• Network traffic collisions due to overloading of the network segment. One shortterm workaround to this may be to replace network HUBs with Ethernet switches.

  • Defective networking hardware. Over the past few years, we have seen on the Samba mailing list a significant increase in the number of problems that were traced to a defective network interface controller, a defective HUB or Ethernet switch, or defective cabling. In most cases, it was the erratic nature of the problem that ultimately pointed to the cause of the problem.

  • Excessively large roaming profiles. This type of problem is typically the result of poor user education as well as poor network management. It can be avoided by users not storing huge quantities of email in MS Outlook PST files as well as by not storing files on the desktop. These are old bad habits that require much discipline and vigilance on the part of network management.

  • You should verify that the Windows XP WebClient service is not running. The use of the WebClient service has been implicated in many Windows networkingrelated problems.

Loss of access to network drives and printer resources Loss of access to network resources during client operation may be caused by a number of factors, including:

  • Network overload (typically indicated by a high network collision rate)

  • Server overload

  • Timeout causing the client to close a connection that is in use but has been latent (no traffic) for some time (5 minutes or more)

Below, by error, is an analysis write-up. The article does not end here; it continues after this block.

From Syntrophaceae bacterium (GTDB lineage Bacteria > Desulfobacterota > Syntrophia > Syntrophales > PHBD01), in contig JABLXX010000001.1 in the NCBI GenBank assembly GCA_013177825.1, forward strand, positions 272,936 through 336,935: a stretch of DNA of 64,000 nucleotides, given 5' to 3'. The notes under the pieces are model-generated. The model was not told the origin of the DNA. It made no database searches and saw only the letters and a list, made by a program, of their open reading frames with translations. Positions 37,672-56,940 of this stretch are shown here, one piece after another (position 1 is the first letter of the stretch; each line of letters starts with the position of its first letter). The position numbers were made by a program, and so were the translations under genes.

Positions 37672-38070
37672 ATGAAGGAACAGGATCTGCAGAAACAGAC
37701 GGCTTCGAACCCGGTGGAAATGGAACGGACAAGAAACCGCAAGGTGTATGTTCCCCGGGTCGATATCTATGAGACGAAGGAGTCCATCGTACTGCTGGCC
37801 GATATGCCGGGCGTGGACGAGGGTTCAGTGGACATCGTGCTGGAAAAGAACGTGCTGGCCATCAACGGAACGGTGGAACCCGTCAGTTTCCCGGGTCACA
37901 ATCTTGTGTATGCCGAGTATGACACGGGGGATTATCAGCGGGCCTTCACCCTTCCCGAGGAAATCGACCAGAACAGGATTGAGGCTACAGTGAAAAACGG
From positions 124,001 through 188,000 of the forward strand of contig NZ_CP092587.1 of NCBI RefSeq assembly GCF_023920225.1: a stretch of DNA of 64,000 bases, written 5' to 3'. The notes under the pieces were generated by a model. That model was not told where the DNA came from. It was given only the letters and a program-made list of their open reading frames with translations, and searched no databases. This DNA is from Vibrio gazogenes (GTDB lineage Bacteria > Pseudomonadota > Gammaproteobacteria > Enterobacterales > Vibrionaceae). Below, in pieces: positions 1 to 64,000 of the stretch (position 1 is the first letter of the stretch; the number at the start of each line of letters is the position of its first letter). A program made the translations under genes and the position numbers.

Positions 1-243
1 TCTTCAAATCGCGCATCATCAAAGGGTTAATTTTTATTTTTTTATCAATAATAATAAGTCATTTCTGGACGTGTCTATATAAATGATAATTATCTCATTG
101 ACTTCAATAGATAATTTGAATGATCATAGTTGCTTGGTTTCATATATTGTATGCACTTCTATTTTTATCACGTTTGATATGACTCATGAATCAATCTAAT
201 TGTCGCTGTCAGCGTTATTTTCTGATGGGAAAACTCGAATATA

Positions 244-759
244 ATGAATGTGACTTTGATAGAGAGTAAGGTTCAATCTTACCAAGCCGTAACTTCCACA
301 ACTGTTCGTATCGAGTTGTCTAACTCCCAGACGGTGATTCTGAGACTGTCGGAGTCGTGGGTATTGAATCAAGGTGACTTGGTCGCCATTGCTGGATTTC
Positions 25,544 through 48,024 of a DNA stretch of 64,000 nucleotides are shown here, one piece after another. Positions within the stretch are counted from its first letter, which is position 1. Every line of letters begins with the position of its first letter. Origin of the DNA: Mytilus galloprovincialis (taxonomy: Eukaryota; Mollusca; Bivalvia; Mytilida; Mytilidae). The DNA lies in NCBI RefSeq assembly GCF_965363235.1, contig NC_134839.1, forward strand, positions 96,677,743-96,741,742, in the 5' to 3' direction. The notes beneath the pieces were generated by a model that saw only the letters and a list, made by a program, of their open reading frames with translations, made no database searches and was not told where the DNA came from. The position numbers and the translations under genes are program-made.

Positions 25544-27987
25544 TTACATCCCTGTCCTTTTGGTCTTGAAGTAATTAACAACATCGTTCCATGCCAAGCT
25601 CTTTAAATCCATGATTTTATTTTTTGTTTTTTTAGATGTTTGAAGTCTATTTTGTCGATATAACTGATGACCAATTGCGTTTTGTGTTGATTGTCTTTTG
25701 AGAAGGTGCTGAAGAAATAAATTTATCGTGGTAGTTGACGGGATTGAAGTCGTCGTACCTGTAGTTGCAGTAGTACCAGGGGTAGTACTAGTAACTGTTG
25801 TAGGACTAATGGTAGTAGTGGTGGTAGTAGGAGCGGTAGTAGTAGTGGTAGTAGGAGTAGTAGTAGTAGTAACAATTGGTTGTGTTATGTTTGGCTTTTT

• Defective networking hardware

No matter what the cause, a sudden loss of access to network resources can result in BSOD (blue screen of death) situations that necessitate rebooting of the client workstation. In the case of a mild problem, retrying to access the network drive of the printer may restore operations, but in any case this is a serious problem that may lead to the next problem, data corruption.

Potential data corruption Data corruption is one of the most serious problems. It leads to uncertainty, anger, and frustration, and generally precipitates immediate corrective demands. Management response to this type of problem may be rational, as well as highly irrational. There have been cases where management has fired network staff for permitting this situation to occur without immediate correction. There have been situations where perfectly functional hardware was thrown out and replaced, only to find the problem caused by a low-cost network hardware item. There have been cases where server operating systems were replaced, or where Samba was updated, only to later isolate the problem due to defective client software.

In this chapter, you can work through a number of measures that significantly arm you to anticipate and combat network performance issues. You can work through complex and thorny methods to improve the reliability of your network environment, but be warned that all such steps demand the price of complexity.

    Samba-3 by Example. Practical Exercises to Successful Deployment
    Samba-3 by Example: Practical Exercises to Successful Deployment (2nd Edition)
    ISBN: 013188221X
    EAN: 2147483647
    Year: 2005
    Pages: 142